“Are there any more cafés?” asks my guest, his boyish face a mixture of hope and fear.
“Sí, amigo,” I reassure him. “Mucho.”
He smiles with gratitude or maybe anticipation. I return from my kitchen with the Italian moka pot and pour him a shot or two, then give him the little carafe of hot milk. We discuss art through café con leche.
It gets livelier with every cup, and I’m afraid I’ve untied a balloon that will bounce off my ceiling.
He is Luis Guillermo Fernandez Lovera, aka “lugufelo” (he prefers lowercase letters, either because he’s humble or because he wants people to ask him; he loves attention). Born, raised and escaped in Venezuela, he is a sculptor in the abstract and kinetic art schools. Nowadays he mainly works with metal, which is less of a problem than the biscuits he keeps pouring into his cup.
“Yes! These things drive me crazy! I never know how long to sink them. “
We speak a salad of English and Spanish. His English is roughly the same as my Spanish. Sometimes both languages are in the same sentence. It works for us, but when he gets really excited about art and hops on espresso, he starts speaking in tongues and then I have no idea what he’s saying. We met at the Venice Art Center, home of the Smart Set, and got on well, our failures in communication were not an obstacle.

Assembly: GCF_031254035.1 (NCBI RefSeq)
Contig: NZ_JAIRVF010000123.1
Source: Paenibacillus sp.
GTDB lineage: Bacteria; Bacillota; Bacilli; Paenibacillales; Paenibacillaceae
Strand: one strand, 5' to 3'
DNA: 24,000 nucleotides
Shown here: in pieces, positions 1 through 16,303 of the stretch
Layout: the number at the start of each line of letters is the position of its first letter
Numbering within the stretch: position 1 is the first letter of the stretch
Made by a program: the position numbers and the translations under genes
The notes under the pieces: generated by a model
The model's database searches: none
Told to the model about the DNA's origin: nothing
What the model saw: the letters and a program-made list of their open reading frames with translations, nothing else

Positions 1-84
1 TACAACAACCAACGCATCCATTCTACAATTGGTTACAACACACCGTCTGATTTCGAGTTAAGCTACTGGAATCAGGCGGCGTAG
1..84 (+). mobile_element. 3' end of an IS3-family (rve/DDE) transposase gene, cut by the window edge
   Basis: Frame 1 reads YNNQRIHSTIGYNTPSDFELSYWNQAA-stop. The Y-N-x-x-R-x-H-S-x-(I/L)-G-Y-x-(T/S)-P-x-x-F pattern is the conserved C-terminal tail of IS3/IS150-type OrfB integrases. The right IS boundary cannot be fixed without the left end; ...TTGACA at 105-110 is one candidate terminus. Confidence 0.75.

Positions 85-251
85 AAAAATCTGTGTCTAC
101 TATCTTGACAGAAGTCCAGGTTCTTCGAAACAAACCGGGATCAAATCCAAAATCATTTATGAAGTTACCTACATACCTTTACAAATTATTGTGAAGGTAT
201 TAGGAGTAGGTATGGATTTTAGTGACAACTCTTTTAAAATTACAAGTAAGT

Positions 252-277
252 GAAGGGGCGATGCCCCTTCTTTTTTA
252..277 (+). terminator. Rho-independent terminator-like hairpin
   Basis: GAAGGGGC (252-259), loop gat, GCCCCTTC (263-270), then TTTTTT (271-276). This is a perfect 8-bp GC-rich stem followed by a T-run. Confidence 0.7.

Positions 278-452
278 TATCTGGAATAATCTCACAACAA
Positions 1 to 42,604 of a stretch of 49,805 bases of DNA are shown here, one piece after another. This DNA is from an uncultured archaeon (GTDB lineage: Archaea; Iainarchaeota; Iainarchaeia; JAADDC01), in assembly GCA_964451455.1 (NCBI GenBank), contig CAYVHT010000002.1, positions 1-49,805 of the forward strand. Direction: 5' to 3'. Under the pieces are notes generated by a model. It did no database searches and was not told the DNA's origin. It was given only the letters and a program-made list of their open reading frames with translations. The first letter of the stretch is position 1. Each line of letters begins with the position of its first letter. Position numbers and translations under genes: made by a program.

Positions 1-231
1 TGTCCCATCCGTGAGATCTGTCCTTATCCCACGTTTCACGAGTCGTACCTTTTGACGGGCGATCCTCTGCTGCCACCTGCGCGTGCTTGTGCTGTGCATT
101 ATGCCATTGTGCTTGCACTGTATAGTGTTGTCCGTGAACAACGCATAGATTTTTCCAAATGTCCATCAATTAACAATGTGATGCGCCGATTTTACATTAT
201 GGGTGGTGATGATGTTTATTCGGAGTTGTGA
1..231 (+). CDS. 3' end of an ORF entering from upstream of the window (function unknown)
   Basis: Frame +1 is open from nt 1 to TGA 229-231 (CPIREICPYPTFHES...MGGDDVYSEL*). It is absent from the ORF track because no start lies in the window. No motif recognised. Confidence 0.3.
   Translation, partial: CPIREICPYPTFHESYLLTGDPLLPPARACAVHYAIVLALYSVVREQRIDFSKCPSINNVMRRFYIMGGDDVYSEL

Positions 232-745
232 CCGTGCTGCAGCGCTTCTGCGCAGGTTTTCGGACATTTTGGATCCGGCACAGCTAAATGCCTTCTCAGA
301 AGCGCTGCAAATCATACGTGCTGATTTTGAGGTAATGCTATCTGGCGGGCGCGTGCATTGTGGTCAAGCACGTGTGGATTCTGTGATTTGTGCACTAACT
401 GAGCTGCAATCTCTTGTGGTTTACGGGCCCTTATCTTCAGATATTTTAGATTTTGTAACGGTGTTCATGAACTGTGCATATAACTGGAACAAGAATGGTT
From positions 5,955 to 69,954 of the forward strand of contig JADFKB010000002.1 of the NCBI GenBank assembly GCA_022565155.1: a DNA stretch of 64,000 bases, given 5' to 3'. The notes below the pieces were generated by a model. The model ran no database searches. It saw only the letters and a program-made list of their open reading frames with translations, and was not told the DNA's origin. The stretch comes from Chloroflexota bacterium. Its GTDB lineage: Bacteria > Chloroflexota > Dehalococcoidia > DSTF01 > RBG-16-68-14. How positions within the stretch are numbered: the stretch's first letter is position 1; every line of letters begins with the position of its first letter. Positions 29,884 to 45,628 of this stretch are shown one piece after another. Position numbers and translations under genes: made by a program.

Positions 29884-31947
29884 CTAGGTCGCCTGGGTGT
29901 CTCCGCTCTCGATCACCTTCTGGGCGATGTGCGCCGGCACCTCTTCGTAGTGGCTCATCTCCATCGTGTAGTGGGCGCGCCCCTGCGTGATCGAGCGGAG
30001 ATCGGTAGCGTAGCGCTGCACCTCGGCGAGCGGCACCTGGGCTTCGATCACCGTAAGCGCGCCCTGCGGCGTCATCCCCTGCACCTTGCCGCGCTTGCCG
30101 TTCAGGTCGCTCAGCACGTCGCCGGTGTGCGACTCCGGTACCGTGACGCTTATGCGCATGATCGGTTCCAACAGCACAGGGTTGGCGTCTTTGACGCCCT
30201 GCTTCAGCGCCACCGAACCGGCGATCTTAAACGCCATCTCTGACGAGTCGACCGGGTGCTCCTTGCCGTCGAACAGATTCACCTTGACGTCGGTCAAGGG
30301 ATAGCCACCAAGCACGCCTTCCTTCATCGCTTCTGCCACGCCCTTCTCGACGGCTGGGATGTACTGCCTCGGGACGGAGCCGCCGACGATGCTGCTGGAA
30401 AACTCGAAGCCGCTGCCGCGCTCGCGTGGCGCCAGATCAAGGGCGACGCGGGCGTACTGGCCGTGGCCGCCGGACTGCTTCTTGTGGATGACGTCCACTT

There is no problem getting him to open up to a conversation about art. It makes him calm down … I mean calm down, that’s a challenge.
He moved from Miami to Venice with his dear wife Sunny, a name that fits their disposition, and their son Simon, a tiny tornado with feet. Luis maintains his huge studio-studio in Miami, where he makes large outdoor pieces. He has a team of assistants to help him, sometimes up to 70. He needs them; These works are intended for display in parks and public spaces and can be quite large. The next time you drive down Nokomis Avenue between Milan and Turin, notice his sculpture “Torso” in front of the Art Center: one and a half tons of aluminum.
Shipping alone must be a logistical challenge. The thought of creating them confuses the mind.
Sunny Hales from Cuba. She is a software engineer and as smart and capable as she is charming.
“We don’t have a typical Latin marriage,” she once told me.
She will be on par with her macho if he should return to traditional roles. They have their careers and they give each other the respect and distance they all need and deserve. (Also, I think she could take him two out of three cases.)
“One of my earliest influences was Cubism,” says Luis across the table. I had asked him about his art, but I thought he was referring to his wife’s homeland and thought he wanted to talk about Castro and the revolution.
“Well, President Biden will likely normalize relations,” I offer.
He pauses long enough to look at me questioningly so that his biscotti falls back into his coffee. “Madre de Dios!” he screams and burns his fingers to pick it up.
He licks it off and continues: “No. I say that the art movements of the early 20th century – cubism, futurism, constructivism – these were my teachers, they opened my eyes to art. “